Midcentury Modern Dwelling Perched on a Hillside Landscape

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Modern Charcoal Front Elevations

Because the owner chose a compact corner on which to build, the house rises from a small concrete base by Ace Enterprises, its second floor cantilevering outward to capture panoramic vistas.

Modern Upper-Level Living Room

Heather Hargesheimer’s encaustic hangs above the Napoleon fireplace, which sits in a blackened-steel surround by D&J Custom Metal Fabrication. A 1960s B.P. John sofa from Midcenturyville, redressed by Michael Macom Upholsterer, and a 1964 Lane coffee table create a mod mood in the living room.

Modern Upper-Level Living Room Balcony

The home enjoys views of Puget Sound and Vashon Island thanks to an upper-level living room with Fleetwood’s floor-to-ceiling sliding glass doors from Goldfinch Brothers. A thin band of glass maintains privacy from nearby homes and frames a view of a park’s ridgeline. The scissor-style chairs are finds by the owner.

Modern White-Oak and Steel Staircase

With its open setup, the custom stairway becomes a kind of atrium, filling the home with light. The stained white-oak floors here and elsewhere were installed by Voda Constructions Corp., and the steelwork was crafted by D&J Custom Metal Fabrication.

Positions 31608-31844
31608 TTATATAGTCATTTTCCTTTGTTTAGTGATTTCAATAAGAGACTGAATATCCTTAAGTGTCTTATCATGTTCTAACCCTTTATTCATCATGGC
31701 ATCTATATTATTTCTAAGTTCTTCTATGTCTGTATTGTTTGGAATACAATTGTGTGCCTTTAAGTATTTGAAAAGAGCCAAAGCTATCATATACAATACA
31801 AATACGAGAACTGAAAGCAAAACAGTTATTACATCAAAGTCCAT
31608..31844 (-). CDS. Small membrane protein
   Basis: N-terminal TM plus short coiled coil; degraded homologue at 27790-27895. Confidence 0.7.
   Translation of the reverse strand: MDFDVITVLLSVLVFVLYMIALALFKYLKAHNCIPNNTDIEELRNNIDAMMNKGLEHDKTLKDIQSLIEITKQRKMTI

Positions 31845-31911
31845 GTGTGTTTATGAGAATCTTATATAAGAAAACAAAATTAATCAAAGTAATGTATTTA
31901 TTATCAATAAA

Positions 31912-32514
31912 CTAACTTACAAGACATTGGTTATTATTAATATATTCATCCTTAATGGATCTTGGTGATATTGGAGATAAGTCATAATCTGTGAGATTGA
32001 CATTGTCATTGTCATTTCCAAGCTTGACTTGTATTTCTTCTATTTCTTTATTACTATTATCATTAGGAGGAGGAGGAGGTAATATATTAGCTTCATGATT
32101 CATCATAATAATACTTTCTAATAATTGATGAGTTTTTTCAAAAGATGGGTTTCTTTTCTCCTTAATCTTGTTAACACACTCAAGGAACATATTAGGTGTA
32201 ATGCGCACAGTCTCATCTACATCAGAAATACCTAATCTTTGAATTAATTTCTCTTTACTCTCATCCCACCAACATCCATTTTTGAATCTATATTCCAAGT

Modern Dining Room with Vintage Table

The dining area’s vintage Lane table, chairs and sideboard, circa 1965, were found as part of an estate sale; a series of stains were experimented with for the oak floors to get a warm, classic complement to the furnishings and woodwork. The art, representing modern chairs, is from Vitra Design Museum.

Modern Kitchen Hillside Views

Teeming with natural light, the open kitchen and dining area look out from the home’s sloping hillside at a small parcel of undeveloped land below. The curve of the vintage Lane dining chairs almost seems to mimic the swoop of the evergreen branches. The effect is a feeling of sitting in the treetops.

Modern Sustainably-Built Kitchen

Locally sourced materials include the kitchen cabinetry from Superior Cabinets and slate-toned PaperStone countertops (recycled paper and resin). Tammy Spears’ pastels splash color next to a Moen faucet from Pacific Plumbing Supply Company. Appliances are from Albert Lee Appliance.

Modern Charcoal Front Walkway

Wood screens on the façade extend past each corner, adding privacy and architectural drama.

With its picturesque views of Puget Sound and Vashon Island, a hillside site in west Seattle offered architect Tim Hossner and his colleagues the chance to design what felt like a secluded retreat without leaving the metropolis. But environmental restrictions (most of the trees needed to be preserved due to steep slopes) and a desire to maintain views for the neighbors left this sizable parcel with just a small footprint on which to build. Fortunately, that seemed to only serve the evolving design, which became a kind of modern tree house, extending upward and outward to capture and frame the vistas.